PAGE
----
Kicking a stick. Obviously, kicking is not allowed in boys’ lacrosse. It also is illegal to kick an opposing player’s lacrosse stick, even inadvertently. This happens when players are tightly bunched and trying to move a ground ball to open space.
Crease violation. Many shots are taken from close range and attackmen cannot step on or within the lacrosse goalie’s crease until the ball goes into the net. This does not pertain to an offensive player being pushed inside the crease by the defense. It’s best to practice footwork around the crease, so attackmen learn to avoid stepping on and into the crease.
Goalie clear. When a lacrosse goalie gains possession of the ball, he has four seconds to clear the ball from his crease or must step outside the crease with the ball.
10 Important Girls’ Lacrosse Rules
Draw control motion. On draw controls, the two opposing players must move the ball with an up-and-away motion with their lacrosse sticks. A downward or outward motion is illegal, and the ball is awarded to the non-offending team with a free position.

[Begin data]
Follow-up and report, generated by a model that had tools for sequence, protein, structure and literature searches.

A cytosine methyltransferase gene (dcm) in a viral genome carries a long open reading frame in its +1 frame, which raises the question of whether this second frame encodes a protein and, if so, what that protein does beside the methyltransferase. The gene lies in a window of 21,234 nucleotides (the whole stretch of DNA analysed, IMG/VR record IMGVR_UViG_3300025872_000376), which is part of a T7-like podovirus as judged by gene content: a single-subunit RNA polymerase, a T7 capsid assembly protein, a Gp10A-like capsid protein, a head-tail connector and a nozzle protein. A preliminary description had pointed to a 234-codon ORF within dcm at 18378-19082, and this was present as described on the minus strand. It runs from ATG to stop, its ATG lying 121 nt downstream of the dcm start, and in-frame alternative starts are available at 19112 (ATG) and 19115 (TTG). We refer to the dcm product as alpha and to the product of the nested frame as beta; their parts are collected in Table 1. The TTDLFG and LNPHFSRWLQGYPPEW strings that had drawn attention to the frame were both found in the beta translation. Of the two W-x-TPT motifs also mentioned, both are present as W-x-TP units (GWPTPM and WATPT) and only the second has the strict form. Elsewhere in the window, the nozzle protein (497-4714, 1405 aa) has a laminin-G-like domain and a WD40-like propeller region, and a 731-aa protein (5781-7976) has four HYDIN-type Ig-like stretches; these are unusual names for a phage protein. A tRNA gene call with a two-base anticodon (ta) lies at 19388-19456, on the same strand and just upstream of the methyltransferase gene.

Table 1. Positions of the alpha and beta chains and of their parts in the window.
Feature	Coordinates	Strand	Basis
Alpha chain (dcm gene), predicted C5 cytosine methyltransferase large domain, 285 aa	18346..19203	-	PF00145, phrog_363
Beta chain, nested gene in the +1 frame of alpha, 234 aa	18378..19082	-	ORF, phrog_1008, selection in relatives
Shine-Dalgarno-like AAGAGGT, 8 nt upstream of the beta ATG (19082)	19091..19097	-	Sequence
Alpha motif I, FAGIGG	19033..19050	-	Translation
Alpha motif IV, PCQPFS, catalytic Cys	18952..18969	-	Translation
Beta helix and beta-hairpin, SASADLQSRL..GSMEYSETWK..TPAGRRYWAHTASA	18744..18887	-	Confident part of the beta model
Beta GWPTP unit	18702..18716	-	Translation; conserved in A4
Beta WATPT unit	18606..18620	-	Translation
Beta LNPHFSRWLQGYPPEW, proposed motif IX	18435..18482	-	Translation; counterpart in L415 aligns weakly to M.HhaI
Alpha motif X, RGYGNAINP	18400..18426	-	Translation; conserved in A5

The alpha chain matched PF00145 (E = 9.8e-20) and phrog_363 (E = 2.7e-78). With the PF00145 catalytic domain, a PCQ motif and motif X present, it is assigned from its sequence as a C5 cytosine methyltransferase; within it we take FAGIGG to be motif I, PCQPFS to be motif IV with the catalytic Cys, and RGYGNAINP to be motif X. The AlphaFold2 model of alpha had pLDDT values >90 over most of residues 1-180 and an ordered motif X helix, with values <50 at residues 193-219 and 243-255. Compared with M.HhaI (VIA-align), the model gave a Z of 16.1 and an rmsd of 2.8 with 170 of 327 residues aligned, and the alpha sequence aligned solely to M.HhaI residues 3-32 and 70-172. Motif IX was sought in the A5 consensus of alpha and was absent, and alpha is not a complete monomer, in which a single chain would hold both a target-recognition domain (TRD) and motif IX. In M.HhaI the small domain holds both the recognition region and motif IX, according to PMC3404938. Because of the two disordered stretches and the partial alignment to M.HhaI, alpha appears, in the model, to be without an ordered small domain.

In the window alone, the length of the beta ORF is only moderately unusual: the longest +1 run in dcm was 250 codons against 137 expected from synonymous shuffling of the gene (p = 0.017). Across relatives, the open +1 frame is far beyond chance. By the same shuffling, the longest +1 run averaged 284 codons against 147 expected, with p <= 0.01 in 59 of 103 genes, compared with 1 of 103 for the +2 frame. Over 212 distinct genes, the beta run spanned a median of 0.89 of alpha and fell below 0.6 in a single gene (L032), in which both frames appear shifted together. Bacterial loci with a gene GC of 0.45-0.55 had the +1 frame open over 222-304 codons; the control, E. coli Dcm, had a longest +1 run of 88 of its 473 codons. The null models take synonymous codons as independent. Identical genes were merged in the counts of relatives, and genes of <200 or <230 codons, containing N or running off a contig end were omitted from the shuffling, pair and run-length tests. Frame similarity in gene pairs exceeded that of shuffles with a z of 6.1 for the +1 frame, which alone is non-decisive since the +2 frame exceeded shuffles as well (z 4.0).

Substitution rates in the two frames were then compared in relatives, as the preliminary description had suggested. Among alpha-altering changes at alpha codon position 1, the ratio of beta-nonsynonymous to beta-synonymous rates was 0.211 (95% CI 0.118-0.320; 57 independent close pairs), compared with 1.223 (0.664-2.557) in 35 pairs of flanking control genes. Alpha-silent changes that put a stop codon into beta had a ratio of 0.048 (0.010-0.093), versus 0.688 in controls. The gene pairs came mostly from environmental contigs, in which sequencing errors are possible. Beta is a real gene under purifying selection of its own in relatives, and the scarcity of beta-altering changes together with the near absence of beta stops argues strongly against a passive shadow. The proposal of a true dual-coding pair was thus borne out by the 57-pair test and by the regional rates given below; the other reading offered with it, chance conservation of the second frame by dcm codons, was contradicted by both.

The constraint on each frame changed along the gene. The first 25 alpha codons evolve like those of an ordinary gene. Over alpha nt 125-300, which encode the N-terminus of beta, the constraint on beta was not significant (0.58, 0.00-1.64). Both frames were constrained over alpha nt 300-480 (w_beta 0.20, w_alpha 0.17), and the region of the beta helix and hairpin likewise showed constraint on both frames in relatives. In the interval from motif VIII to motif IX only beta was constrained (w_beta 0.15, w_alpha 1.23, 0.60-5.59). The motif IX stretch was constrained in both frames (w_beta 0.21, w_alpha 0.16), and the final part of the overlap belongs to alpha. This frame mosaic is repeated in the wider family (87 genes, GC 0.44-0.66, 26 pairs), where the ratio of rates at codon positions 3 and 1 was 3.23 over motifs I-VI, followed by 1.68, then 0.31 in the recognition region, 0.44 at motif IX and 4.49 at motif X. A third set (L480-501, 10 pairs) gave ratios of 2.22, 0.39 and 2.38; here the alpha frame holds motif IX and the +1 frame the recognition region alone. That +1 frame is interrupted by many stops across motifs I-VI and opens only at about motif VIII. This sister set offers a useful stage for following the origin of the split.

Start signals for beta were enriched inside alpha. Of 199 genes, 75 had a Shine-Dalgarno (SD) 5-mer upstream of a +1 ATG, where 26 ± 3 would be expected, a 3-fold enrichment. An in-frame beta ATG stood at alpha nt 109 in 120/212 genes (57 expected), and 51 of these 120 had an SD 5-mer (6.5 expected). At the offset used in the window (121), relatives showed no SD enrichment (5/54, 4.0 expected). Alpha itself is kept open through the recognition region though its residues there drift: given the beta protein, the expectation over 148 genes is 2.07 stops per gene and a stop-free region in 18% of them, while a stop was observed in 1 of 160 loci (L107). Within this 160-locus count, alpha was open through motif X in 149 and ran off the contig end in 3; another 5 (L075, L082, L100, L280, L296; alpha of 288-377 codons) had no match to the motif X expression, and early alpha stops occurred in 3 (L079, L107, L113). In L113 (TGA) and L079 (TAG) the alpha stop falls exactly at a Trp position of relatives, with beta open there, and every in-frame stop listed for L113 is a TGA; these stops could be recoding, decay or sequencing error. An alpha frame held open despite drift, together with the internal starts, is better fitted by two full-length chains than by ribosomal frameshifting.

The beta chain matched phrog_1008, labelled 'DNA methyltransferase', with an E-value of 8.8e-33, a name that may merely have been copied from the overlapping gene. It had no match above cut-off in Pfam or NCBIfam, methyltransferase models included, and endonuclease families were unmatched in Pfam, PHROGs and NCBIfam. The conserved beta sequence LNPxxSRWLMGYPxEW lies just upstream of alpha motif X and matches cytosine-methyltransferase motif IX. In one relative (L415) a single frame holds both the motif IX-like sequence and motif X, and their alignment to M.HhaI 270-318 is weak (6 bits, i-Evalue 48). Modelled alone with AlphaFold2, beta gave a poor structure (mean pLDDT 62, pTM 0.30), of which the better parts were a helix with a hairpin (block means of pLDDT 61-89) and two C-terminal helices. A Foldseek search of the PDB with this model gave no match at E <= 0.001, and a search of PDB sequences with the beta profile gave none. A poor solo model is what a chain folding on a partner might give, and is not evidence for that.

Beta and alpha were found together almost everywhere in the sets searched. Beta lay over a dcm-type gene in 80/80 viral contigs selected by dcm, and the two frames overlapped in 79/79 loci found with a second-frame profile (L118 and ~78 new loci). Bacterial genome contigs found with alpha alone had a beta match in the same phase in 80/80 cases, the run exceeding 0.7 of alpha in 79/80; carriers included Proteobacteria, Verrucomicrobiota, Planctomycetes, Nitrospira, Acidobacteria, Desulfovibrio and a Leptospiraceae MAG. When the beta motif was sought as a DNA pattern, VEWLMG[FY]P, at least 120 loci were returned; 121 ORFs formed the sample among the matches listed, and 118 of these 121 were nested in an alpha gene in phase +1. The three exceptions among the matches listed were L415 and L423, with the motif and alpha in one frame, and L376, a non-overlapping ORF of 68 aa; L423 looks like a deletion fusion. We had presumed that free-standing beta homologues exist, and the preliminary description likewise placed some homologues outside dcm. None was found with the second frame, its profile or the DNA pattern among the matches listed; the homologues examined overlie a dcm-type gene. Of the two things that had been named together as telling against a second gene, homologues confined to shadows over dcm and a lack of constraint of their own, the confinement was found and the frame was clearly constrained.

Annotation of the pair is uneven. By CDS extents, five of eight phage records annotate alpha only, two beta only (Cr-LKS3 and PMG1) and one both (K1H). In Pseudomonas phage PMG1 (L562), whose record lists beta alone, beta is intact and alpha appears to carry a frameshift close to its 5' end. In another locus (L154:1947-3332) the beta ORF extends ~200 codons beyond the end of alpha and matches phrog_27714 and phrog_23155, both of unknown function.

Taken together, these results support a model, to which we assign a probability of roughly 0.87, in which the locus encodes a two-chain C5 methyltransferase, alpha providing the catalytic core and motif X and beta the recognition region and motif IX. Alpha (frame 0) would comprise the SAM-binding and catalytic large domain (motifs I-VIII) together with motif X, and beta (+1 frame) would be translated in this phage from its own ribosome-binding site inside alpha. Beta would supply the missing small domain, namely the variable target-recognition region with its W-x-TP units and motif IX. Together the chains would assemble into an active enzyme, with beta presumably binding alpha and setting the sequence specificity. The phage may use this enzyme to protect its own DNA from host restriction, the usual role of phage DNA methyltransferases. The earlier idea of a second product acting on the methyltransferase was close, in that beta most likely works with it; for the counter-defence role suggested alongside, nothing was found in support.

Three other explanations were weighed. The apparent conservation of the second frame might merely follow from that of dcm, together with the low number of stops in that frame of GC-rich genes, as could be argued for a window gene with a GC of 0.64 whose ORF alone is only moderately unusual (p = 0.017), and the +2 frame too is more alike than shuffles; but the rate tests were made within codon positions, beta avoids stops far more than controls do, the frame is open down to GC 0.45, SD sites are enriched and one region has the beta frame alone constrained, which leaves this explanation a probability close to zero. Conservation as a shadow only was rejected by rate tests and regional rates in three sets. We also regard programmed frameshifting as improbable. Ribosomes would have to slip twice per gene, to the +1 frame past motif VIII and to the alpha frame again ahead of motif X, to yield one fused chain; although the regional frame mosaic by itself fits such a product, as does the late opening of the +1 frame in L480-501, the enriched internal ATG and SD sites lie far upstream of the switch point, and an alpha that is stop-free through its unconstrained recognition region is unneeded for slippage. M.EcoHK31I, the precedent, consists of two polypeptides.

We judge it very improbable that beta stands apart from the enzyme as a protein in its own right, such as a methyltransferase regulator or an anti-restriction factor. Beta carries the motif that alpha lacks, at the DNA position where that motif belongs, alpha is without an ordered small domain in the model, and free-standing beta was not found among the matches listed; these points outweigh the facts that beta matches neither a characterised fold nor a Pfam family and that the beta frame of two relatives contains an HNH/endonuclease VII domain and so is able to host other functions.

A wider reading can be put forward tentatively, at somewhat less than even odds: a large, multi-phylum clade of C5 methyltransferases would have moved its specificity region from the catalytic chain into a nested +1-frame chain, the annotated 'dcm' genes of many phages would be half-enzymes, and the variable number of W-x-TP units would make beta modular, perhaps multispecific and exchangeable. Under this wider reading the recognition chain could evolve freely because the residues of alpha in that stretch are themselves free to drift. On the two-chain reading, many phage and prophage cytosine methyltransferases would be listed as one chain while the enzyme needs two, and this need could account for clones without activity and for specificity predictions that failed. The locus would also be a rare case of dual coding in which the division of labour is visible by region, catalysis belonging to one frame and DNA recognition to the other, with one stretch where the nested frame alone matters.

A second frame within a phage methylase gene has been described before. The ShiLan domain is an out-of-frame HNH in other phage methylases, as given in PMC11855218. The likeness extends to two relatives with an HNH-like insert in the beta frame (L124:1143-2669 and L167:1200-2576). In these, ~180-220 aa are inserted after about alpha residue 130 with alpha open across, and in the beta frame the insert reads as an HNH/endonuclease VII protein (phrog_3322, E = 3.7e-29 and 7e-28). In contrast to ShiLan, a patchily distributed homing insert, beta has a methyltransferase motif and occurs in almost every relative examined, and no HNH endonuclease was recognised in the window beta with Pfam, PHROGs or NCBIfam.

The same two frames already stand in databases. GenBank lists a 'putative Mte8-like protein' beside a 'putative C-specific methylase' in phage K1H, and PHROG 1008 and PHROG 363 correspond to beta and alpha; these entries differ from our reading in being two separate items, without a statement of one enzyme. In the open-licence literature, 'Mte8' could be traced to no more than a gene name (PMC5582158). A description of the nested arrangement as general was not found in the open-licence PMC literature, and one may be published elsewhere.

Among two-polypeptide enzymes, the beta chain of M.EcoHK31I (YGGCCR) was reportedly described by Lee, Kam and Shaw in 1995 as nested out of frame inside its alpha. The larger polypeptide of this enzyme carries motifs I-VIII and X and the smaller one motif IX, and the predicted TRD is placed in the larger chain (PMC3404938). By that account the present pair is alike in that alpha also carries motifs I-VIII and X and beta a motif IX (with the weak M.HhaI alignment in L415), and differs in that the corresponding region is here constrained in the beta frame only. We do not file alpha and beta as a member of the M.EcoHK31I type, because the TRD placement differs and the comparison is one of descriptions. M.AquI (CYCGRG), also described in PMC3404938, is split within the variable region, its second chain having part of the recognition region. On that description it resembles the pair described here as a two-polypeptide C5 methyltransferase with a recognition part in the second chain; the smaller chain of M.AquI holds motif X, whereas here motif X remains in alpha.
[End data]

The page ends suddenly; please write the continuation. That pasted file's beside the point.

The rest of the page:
Restraining line. An offside is called when a team has more than seven players on or over the restraining line in its offensive end or more than eight players on or over the restraining line in its defensive end.
3-second rule. Girls’ lacrosse encourages ball movement when the person with the ball is closely guarded within the restraining area. The offensive player has three seconds to pass the ball or change her cradle – either switching her hands or the level she is holding the ball. If the ball remains stationary for more than three seconds, the referee awards the defense with a free position. This lacrosse rule is exempt if the offensive player is behind the goal and the defensive player guarding her is in front of the goal and mirroring her.
Avoid the goalie circle. Players must stay out of the goalie circle. A goal does not count if the shooter or another offensive player steps on or into the goal circle or interferes with the goalie. A defensive player can reach her stick inside the goal circle to block or redirect a shot. Below the ninth-grade level, a shooter may not follow through with her lacrosse stick into the goalie circle.